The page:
AGC’s letter points to the overwhelming public opposition to the AWG proposal, noting the more than 800 negative comments posted to the rulemaking docket so far.  If EPA chooses to move forward with this action, AGC urges EPA to act on its discretion to implement effective collection strategies that suit its needs. 

For more information, please contact Leah Pilconis at pilconisl@agc.org. Return to Top

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LABOR
AGC Opposes NAVFAC Mandated-PLA
 

Recently, AGC sent a letter opposing the possible use of a project labor agreement (PLA) mandate posted by the Naval Facilities Engineering Command Southwest for design-build construction of a Special Forces Support Activity Operations Facility at the U.S. Navy’s Silver Strand Training Complex in Imperial Beach, Calif.

AGC has sent over 90 letters to federal agencies opposing PLA mandates and bid preferences during the Obama Administration, most in response to agency announcements that a PLA mandate or preference was under consideration for a particular project or an anticipated set of projects in a particular area. Of those, only one PLA mandate has been issued to date.

AGC neither supports nor opposes contractors’ voluntary use of PLAs on government projects, but strongly opposes any government mandate for contractors’ use of PLAs. AGC is committed to free and open competition for publicly funded work, and believes that the lawful labor relations policies and practices of private construction contractors should not be a factor in a government agency’s selection process. To view AGC efforts opposing government mandated PLAs, click here.

For more information, please contact Jimmy Christianson at 703-837-5325 or christiansonj@agc.org Return to Top

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2014 ELECTIONS
More Primary Results
 

Alaska

Thirty percent of Alaska voters went to the polls on Tuesday in one of the nation's last major competitive primaries.  There, former Attorney General and Natural Resources Department director Dan Sullivan claimed the Republican Senatorial nomination, winning the right to challenge vulnerable first-term incumbent Mark Begich (D).  Sullivan took 40 percent of the vote, defeating surprise second place finisher Joe Miller (32%) and Lt. Gov. Mead Treadwell (25%).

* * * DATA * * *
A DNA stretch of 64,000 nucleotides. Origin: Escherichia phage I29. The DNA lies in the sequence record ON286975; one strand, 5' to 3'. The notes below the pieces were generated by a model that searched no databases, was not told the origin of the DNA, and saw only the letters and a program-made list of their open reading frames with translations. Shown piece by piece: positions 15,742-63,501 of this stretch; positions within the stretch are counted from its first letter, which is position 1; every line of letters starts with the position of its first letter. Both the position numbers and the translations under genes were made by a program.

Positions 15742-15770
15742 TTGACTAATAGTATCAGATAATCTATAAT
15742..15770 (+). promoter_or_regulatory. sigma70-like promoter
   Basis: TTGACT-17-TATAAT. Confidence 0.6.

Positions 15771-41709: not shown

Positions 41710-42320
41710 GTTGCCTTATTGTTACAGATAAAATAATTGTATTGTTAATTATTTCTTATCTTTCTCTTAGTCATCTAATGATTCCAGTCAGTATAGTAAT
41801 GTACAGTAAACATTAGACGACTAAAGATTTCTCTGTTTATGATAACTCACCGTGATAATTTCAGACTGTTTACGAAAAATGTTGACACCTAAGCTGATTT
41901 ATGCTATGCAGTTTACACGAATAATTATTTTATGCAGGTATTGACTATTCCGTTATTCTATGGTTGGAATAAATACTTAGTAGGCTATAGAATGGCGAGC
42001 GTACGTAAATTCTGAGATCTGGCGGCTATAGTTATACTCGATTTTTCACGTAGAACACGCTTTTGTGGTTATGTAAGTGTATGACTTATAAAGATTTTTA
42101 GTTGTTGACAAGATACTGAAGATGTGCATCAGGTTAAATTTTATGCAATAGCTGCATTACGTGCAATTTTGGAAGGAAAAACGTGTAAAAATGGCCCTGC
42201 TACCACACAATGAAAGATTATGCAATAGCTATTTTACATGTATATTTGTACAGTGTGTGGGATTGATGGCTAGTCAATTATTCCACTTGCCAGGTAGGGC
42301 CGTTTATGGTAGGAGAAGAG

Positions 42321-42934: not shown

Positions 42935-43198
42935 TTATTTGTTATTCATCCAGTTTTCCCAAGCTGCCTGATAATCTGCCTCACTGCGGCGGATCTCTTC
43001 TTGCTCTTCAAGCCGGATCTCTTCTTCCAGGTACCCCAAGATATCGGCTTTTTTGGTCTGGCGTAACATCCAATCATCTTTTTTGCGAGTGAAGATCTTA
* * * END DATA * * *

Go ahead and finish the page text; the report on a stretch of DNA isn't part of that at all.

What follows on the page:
In the Governor's race, incumbent Sean Parnell easily claimed the Republican nomination, attracting 75.5 percent of the vote against two opponents.  The Governor advances to the general election against former Alaska Permanent Fund Director Byron Mallett (D), who captured 67 percent in the ADL primary.  He is now a heavy favorite to win a second full term after finishing the final two years of former Gov. Sarah Palin's (R) term in office.

At-large Rep. Don Young (R) cruised to re-nomination for a 22nd term in the House, capturing 74 percent against three Republican opponents.  He is a heavy general election favorite against attorney Forrest Dunbar, the new Democratic nominee.

Hawaii

In Hawaii, Rep. Colleen Hanabusa (D-HI-1) announced that she will concede the contested Senate Democratic primary.  The final unofficial count gives appointed Senator Brian Schatz a 1,769 vote advantage, which is likely too large for any challenge to overturn. 

Wyoming

It was a trouble-free election night for all of the GOP incumbents in Tuesday night's Wyoming primary.  Gov. Matt Mead, Sen. Mike Enzi, and at-large Rep. Cynthia Lummis all won landslide victories against minor candidates, though the Governor fell slightly below 60 percent against two opponents.  All will glide through the upcoming general election.

For more information, please contact David Ashinoff at (202) 547-5013 or ahsinoffd@agc.org Return to Top